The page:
Some of my faithful readers will remember earlier photos of the volunteer flower garden that has brightened the beginning of the Dale Ball here for months.
Well, it’s gone.
The torrential rains of the past few days that broke our dreadful heat caused water from the adjacent parking lot to rush across the garden and carry away most of the plants an unnamed benefactress planted there a year ago.
Rains, so sorely needed in this parched desert, came too late and too roughly, eroding trails, washing out dirt roads, rolling huge boulders down the mountain sides and devastating croplands and gardens.
The garden will probably be planted again, if our benefactress, and the rest of us, have the courage and energy to start all over. But torrential rains are likely to wipe it out again.
Torrential rains are pouring across our political landscape these days, and sometimes seem about to erode all vision. I must admit that I, like many others, have a secret attraction to downpours, to displays of rage, even to the tantrums that are now appearing, regularly in the Tantrum Personified we see on television.
This is a dangerous attraction. It means I may discount serenity and call it too considered, too rational, and, inevitably, not dramatic, while the Tantrum Personified continues to claim my horrified attention.
I have to admit that I have always been attracted to the displays of temper I have seldom permitted myself to indulge in. The impulse, though, is always there, no matter how deeply buried, popping up now and then when I hear myself cursing at a driver for honking because I haven’t accelerated fast enough through a green light, or when I look with fascination and compassion at an ancient snapshot of my little brother, at seven or so, a whirlwind of shrieking rage.
I also remember the odd fascination of my three infant sons’ raging, so hard to soothe, at times, because what they wanted was not immediately available or, even worse, I didn’t know what they wanted, since I had not taught them to communicate, pre-verbally, with sign language, as one of my grandsons learned to do. There was something so ruthless, so truthful, in those screams—perhaps echoing long suppressed screams of my own.
Tantrums, though, like the rough tearing surges of violent rain storms, destroy the terrain of the human soul. Water, the most essential of elements, can’t nourish when it is delivered with such force. And the energy that propels displays of temper, and the failure of the dikes built to contain it, can only erode and wash away human consciousness and connection. In a country tormented by nearly daily displays of lethal violence, I must learn—we all must learn—to value and admire the discipline that comes only after, and through, long years of service, through learning, painfully, to deal with frustrations calmly and to accept compromise as an absolutely essential tool of good government. Faced with working with an intemperate Congress, only a nearly superhuman calm can prevail.
But I, and perhaps many others, are not much attracted by calm. Perhaps having never achieved it myself, I don’t really know what it is—not passivity, not neutrality, but an imagination developed enough to understand, and accept, all the terrifying shades of human behavior, and to find ways to work with them. For they won’t go away. We are in an intemperate time and, like the world-wide drought, floods and pestilence that also assail us, this intemperance may not go away any time soon, and may even find fuel in the desperate conditions we are going to have to learn to survive: “Apres moi, le deluge.”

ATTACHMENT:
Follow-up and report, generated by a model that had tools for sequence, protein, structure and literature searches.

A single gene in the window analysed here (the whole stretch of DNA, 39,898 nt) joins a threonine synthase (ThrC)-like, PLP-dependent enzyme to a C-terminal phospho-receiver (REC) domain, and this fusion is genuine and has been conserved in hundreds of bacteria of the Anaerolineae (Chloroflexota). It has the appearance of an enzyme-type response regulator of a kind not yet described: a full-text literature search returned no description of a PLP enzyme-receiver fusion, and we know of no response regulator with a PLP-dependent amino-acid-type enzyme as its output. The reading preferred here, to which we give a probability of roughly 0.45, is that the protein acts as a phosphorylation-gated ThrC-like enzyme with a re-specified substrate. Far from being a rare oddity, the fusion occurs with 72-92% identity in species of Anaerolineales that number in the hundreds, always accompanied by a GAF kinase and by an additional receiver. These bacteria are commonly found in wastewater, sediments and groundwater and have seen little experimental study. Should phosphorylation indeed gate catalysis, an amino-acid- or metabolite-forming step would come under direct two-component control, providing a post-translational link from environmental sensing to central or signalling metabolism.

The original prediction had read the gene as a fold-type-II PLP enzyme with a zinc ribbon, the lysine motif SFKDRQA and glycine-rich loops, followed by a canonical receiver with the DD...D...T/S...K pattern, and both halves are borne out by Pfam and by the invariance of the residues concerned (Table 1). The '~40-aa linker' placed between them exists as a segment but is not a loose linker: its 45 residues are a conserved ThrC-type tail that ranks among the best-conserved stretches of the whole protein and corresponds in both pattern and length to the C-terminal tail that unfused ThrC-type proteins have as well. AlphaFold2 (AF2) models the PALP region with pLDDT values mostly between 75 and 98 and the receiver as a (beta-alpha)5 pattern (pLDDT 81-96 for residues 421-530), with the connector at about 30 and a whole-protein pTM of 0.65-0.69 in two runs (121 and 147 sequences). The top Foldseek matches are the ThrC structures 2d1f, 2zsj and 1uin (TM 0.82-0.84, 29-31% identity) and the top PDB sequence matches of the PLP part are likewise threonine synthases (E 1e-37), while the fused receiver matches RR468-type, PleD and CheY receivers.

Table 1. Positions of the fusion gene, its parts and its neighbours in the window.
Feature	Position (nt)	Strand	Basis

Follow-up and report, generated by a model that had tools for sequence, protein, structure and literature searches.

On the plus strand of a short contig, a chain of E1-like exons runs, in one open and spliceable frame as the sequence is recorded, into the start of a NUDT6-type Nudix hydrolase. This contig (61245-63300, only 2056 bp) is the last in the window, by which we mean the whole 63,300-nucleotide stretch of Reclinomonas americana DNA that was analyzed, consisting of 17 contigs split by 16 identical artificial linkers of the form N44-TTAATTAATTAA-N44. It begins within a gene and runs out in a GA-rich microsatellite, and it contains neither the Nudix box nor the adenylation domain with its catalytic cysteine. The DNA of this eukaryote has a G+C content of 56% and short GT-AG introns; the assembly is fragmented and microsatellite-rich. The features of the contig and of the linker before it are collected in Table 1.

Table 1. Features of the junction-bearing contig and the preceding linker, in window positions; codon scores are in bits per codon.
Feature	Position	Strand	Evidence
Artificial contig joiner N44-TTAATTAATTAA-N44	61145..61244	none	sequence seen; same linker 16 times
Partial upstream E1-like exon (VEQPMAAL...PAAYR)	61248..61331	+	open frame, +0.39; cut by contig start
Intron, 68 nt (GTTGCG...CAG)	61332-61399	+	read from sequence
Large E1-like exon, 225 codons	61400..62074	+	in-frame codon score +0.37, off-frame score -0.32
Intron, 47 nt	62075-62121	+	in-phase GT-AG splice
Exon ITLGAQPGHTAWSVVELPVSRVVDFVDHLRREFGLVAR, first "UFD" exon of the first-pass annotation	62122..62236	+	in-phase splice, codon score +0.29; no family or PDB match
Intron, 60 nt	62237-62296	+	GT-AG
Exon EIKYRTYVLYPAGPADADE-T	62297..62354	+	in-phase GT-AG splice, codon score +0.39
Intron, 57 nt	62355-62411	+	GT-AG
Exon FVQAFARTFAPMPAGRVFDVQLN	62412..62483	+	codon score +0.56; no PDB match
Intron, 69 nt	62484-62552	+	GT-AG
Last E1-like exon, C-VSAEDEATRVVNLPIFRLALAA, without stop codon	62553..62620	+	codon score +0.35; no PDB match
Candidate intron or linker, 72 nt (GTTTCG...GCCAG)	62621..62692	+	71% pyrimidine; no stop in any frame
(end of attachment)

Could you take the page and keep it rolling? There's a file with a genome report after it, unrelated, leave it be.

To cultivate my appreciation of temperance, I study the beautiful photo my sister Eleanor sent me recently of a manicurist taking care of her nails. This is a woman, we may be sure, who can’t afford to engage in tantrums; she is dependent for her income on pleasing her customers, some of whom may be rude, off-hand or patronizing. Eleanor apologized for not remembering this manicurist’s name, a problem we all share when dealing with those we may assume to be different. After all, the photo was taken some years ago,
I am also cultivating my appreciation of the hard work in extreme heat of the Flying X team that is working at Apache Mesa—my wild; this entails driving more than an hour every morning from Santa Fe and working for ten hour days in extreme heat on a high mesa where there is little shade, cutting trails, building a jeep road, continuing to rehabilitate the little house and its bathhouse, and now laying the floor of the 10′ x 12′ rock hut that will be our combined studio and tack room.
What if Bernie, who built my rough work table, threw his tools down in a fit of rebellion against the heat, the labor, the sweat?
Probably he would not do that, not because he doesn’t feel the frustration, the fatigue and the endlessness of hard hand labor, but because he has learned control, and because he is devoted to El Jefe, his boss.
Our next leader—our El Jefe—has learned control by navigating the rough terrain of a complicated and difficult life devoted to service. This has always required calm, balance, detachment, the virtues of an arduously claimed adulthood, not the virtues of the wild man, or the wild woman, who commands our attention.
The next time you hear someone—and it may well be a woman—say something belittling about Hilary Clinton, I hope you will remember what it takes to forgo the terrible pleasure of throwing a tantrum.